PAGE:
The Champlain Area Trails System (CATS)
Hiking for me isn’t always about trying to outdo the difficulty of my last adventure. Sometimes I like to just take it easy and visit places I don’t get to go very often. That’s what I had planned for this crisp morning in the Champlain Valley. It was late morning, and as we were wiping the cobwebs out of our eyes we decided to go for a bit of a drive and check out a place we hadn’t visited in a long time. The group Champlain Area Trails (CATS) opened the trail to Cheney Mountain near Port Henry a while back, adding a nice new destination for a family. We figured we'd go there and maybe take a short detour over to Belfry Mountain after. I have to say, for us it is a bit of a drive over to the trailhead for such a short hike, so I was sure Belfry be in the cards. Once at the trailhead we were raring to get out for some fresh air — the stuffy car wasn’t where we wanted to be. At this point there was no snow on the trail, but the clouds looked to be promising something and it felt damp enough, too.
Off to Cheney Mountain
Once across the open field, where the wind tore through our layers, we could be protected by the trees. This trail is like many others in the Adirondack Park, a nice wilderness experience without being far from civilization. After the trail register we enjoyed a nice steady climb along an old woods road that eventually led us through a nice rock saddle. The amber color of the fallen and decaying leaves added a splash of color to the otherwise gray landscape. The open rock that splattered features along the mountainside was a nice addition to the scenic forest. Atop this false summit is a short spur trail, which we of course followed and were rewarded with nice views out over the Lake Champlain Valley. The trail continued on and was quite moderate but very slippery because leaves coated the rocks, creating a very unstable foothold, a typical condition in the fall.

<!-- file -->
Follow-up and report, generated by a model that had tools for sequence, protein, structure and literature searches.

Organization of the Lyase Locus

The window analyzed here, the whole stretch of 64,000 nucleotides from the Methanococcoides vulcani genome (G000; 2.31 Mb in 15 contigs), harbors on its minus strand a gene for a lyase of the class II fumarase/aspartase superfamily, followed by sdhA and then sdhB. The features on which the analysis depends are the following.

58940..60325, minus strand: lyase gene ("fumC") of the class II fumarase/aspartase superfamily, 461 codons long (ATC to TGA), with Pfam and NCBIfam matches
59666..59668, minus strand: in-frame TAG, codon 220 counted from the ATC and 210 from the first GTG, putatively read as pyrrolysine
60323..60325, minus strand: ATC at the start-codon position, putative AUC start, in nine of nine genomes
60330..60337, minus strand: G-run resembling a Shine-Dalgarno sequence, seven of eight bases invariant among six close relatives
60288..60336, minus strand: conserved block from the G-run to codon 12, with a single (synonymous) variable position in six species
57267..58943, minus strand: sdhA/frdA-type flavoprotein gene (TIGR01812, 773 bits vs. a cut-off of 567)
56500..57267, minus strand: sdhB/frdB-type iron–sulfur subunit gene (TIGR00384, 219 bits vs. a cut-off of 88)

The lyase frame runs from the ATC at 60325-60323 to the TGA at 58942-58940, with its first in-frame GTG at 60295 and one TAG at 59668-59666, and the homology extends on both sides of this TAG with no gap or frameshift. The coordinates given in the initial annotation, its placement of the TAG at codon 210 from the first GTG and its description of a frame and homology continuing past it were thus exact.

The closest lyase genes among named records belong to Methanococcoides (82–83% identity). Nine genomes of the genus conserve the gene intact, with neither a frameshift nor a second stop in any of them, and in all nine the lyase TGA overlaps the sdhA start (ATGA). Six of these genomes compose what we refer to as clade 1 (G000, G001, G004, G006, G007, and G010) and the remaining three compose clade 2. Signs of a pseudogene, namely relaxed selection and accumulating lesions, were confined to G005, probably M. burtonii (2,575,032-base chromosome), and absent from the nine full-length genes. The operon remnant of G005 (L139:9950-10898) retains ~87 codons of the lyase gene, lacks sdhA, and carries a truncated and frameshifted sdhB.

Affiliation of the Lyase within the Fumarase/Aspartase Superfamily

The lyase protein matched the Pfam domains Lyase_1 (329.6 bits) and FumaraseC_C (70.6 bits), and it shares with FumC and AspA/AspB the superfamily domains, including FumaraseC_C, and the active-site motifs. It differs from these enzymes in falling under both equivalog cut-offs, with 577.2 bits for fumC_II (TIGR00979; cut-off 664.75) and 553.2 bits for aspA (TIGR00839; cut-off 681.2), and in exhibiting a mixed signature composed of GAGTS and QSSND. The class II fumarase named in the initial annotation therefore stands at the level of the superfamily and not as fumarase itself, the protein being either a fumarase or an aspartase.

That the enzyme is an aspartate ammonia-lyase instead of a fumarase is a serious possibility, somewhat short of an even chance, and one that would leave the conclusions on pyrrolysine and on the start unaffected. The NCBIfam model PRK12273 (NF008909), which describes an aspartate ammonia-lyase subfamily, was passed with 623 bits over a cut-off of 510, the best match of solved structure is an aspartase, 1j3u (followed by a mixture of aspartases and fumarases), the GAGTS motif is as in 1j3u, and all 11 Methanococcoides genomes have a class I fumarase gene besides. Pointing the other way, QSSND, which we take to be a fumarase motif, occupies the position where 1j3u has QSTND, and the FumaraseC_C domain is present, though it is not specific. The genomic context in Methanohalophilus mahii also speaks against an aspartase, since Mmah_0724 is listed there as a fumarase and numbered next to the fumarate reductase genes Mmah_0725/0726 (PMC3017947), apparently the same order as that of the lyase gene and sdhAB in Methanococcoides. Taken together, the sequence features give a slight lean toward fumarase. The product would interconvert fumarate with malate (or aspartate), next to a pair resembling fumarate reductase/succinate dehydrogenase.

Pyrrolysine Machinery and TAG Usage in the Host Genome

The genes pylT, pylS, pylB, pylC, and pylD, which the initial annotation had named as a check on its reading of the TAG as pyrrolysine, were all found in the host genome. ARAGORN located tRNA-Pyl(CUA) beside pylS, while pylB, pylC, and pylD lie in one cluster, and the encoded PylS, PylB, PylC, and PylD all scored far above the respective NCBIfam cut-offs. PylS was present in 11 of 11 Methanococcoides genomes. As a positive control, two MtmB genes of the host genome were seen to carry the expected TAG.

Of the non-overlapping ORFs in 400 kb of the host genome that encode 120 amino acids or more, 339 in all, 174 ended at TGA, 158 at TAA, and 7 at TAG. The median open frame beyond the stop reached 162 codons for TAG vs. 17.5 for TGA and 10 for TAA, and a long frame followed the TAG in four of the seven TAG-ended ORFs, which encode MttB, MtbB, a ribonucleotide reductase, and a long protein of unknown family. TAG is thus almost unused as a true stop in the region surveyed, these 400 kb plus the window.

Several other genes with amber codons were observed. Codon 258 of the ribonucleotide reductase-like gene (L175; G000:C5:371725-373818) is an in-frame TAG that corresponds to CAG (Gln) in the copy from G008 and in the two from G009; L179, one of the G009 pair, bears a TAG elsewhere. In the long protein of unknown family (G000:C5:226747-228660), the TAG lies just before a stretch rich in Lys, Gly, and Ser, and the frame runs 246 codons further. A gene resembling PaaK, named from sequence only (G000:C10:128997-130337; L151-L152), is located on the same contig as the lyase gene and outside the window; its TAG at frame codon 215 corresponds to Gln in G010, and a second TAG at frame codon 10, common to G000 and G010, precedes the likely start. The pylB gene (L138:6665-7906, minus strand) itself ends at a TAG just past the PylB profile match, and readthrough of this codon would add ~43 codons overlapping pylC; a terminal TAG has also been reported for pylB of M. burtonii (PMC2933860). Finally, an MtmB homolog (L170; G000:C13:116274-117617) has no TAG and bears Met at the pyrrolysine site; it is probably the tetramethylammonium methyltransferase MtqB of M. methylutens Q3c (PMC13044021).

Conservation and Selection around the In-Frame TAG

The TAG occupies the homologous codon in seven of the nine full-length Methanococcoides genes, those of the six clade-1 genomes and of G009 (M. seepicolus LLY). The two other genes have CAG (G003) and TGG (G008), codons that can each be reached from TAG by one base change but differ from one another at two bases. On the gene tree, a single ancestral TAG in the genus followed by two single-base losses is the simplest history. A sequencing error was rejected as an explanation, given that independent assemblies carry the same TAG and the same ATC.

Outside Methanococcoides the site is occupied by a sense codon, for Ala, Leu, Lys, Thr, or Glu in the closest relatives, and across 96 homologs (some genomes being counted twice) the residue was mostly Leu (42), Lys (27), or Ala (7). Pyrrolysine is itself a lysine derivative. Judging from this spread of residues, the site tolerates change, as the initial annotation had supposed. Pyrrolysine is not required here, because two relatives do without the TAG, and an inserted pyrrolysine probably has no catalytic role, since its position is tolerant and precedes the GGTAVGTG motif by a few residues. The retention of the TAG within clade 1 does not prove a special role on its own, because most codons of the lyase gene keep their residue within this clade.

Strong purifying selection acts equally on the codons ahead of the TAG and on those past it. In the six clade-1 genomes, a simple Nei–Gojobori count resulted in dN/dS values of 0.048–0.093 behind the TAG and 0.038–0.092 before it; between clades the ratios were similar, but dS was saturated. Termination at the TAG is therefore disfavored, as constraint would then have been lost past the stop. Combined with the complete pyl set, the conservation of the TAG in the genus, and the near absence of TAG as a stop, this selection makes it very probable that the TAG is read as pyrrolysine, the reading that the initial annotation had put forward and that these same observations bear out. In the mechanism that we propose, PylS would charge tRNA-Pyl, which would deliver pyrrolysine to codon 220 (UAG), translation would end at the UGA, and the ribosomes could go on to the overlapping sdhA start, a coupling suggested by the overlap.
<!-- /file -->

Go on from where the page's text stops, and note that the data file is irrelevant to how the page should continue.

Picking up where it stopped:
The true summit was woods atop a rocky surface, something that isn't uncommon in the Adirondacks. Views are often found a bit lower on the slopes, and Cheney Mountain is no exception. We followed the trail as it continued past the summit and descended slightly to an intersection; right led up to a rocky overlook that afforded us a unique view of the High Peaks coated in snow. Left brought us to a slightly obstructed view south toward the Champlain Bridge. We could make out the bridge to Vermont but couldn’t capture a decent picture of it. The descent was fast and we felt good, good enough to tackle the battle of the quarter mile trail up to Belfry Mountain’s Firetower.
Over to Belfry Mountain
The drive over to the tower trail was a quick one. The trail was not a rigorous undertaking, in fact I've had a harder time walking down my side steps to the garage. The summit is reached via the maintenance road whose grade is so moderate it hardly feels like climbing. There really isn’t much to say about this hike other than it was much more fun a decade or more ago when the foot trail existed, but that has been long since abandoned except to those who know its location.
We climbed the tower and soaked in the long, sweeping views. The sky was clearing up nicely, giving us much deeper views to the east; however, the wind was not as friendly and our time in the cab of the tower was shortened with every gust that nipped our cheeks. We called it a day and sounded the retreat. The shadows were getting longer as the day was starting to retire. We had a long drive before us and surely that drive would be primed with many cups of coffee along the way.